In Thailand, there are certain bars that cater primarily to white male tourists, although locals sometimes frequent them as well. Within the bar, a customer will be seated at a table and immediately greeted by a girl or two. While at the table, the customer is allowed to do whatever they wish to the girl, such as touching or kissing. The girl’s job is to convince the customer that she adores them, with the end game being that the customer approaches the bar owner. They then pay a bar fee to take the girl away with them for the night. Herein lies the loophole in the legal system. Because the customer is paying the bar owner for the girl and not the girl directly for her services, coupled with the money not being explicitly paid for sex, it is not legally defined as prostitution in Thailand. On top of all of this, policemen can also sometimes be seen lounging in and around the bars. They are not there with the intention of making arrests.

        There are countless stories of hill tribe girls being taken from their homes and forced into the sex trafficking industry, as this group is of the most vulnerable to this situation. The way it typically plays out is that a man will come to a village and tell a girl’s family that there is a job opening in Bangkok. The man explains that their daughter will be working as a waitress in a restaurant and will be sending home around 600 Thai baht a week, the equivalent of around $20. This prospect is near irresistible to the parents, who are struggling financially. The practice of filial piety, which is essentially the belief of duty to one’s elders, is prevalent in many countries that hold Confucian and Buddhist philosophies, including Thailand. The girl is expected to do what her parents say, placing their needs above her own. This helps fuel the side of sex trafficking that is most difficult to combat: psychological slavery.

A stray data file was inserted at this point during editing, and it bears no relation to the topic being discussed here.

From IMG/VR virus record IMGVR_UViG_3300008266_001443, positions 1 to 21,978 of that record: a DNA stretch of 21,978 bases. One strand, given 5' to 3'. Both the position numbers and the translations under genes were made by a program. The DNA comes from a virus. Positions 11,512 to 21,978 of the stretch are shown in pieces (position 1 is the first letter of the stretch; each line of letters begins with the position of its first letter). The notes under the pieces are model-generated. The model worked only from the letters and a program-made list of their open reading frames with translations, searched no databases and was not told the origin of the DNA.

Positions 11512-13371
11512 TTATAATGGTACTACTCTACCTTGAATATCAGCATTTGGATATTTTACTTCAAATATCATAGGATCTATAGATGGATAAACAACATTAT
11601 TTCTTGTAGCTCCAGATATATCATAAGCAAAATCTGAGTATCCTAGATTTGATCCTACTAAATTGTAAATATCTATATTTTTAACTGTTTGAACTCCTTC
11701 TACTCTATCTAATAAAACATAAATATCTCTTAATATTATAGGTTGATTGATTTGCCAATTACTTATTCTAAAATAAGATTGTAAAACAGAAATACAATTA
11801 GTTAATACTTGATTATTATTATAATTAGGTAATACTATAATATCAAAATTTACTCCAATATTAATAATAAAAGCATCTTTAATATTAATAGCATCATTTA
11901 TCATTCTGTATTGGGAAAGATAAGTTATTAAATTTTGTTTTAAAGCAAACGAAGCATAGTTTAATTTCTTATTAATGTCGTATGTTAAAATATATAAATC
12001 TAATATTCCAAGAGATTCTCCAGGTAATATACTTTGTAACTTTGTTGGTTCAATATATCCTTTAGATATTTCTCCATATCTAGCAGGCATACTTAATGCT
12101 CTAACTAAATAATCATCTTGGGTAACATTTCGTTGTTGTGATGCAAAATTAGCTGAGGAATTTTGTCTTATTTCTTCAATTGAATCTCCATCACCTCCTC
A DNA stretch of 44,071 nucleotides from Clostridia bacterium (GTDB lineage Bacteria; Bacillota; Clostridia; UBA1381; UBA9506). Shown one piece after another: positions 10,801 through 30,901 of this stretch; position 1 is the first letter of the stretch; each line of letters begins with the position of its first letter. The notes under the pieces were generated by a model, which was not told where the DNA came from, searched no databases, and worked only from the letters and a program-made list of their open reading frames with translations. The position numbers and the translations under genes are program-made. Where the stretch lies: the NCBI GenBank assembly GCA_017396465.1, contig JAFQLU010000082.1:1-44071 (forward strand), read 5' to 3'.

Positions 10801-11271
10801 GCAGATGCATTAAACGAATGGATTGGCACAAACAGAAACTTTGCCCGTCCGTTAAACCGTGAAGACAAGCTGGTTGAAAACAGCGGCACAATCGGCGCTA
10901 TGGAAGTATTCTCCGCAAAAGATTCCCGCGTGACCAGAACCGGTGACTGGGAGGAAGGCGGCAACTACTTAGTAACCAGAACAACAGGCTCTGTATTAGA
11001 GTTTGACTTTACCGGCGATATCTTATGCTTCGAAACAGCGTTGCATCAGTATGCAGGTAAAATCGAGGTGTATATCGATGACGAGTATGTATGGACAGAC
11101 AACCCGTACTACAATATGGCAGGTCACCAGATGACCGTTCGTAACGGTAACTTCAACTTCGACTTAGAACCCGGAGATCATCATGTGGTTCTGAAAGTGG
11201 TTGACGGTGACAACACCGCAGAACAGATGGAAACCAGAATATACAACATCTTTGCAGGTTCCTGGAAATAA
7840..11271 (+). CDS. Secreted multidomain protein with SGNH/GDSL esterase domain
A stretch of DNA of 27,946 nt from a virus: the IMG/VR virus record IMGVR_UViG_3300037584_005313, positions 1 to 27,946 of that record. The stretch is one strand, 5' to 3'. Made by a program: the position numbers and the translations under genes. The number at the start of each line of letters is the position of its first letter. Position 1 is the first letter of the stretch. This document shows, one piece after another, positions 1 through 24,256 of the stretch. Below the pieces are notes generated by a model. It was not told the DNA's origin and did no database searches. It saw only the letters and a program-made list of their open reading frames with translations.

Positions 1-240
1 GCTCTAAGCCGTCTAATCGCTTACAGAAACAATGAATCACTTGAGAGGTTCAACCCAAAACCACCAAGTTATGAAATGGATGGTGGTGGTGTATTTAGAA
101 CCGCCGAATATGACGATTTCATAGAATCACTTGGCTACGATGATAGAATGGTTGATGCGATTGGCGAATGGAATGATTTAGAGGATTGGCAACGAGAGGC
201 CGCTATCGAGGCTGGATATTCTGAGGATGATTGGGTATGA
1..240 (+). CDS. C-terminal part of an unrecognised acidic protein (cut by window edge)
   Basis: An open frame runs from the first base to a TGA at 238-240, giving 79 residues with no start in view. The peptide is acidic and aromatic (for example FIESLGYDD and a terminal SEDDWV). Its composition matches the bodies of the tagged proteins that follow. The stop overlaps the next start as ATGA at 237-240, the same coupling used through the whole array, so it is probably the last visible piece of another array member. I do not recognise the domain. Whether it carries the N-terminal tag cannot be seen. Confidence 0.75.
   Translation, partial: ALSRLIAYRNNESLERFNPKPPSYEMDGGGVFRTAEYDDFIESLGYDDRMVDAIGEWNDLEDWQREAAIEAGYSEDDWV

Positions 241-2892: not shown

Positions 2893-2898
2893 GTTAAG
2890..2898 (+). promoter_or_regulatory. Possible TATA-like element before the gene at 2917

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        When she arrives in Bangkok, the young girl will be forced to work in a bar, selling herself to strangers. She becomes caught in a trap of guilt and humiliation and cannot stop working. Even if she could physically escape the establishment, the idea that the bar owner knows the location of her family is enough to quell such a plan.

        What would her parents think of her if she came home? Some parents are oblivious and do not know what is going on or where their daughter is. Others know exactly where their girl is and are satisfied with the money being sent home.

        A tourist usually pays 6,000 to 7,000 baht for a girl, the equivalent of around $200. The money is paid to the bar owner and only a tiny percentage trickles down to the girl, who is suffering physically and emotionally. That completes the cycle of internal destruction of a girl for the production of wealth and male sexual pleasure.

        Isolation. There is a feeling of quiet isolation, but there are shadows creeping around us. I have come to realize that the invulnerability I once felt was simply an illusion. We are hidden in a small bamboo village, sitting perched atop the edge of a large valley decorated in dense forest. But beyond that forest lies a road, a paved pathway leading to the heart of a scornful society. We are buried in a jungle in Thailand, making conversation with the children who are told that it is not their home.

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Words and images by Luke Netzley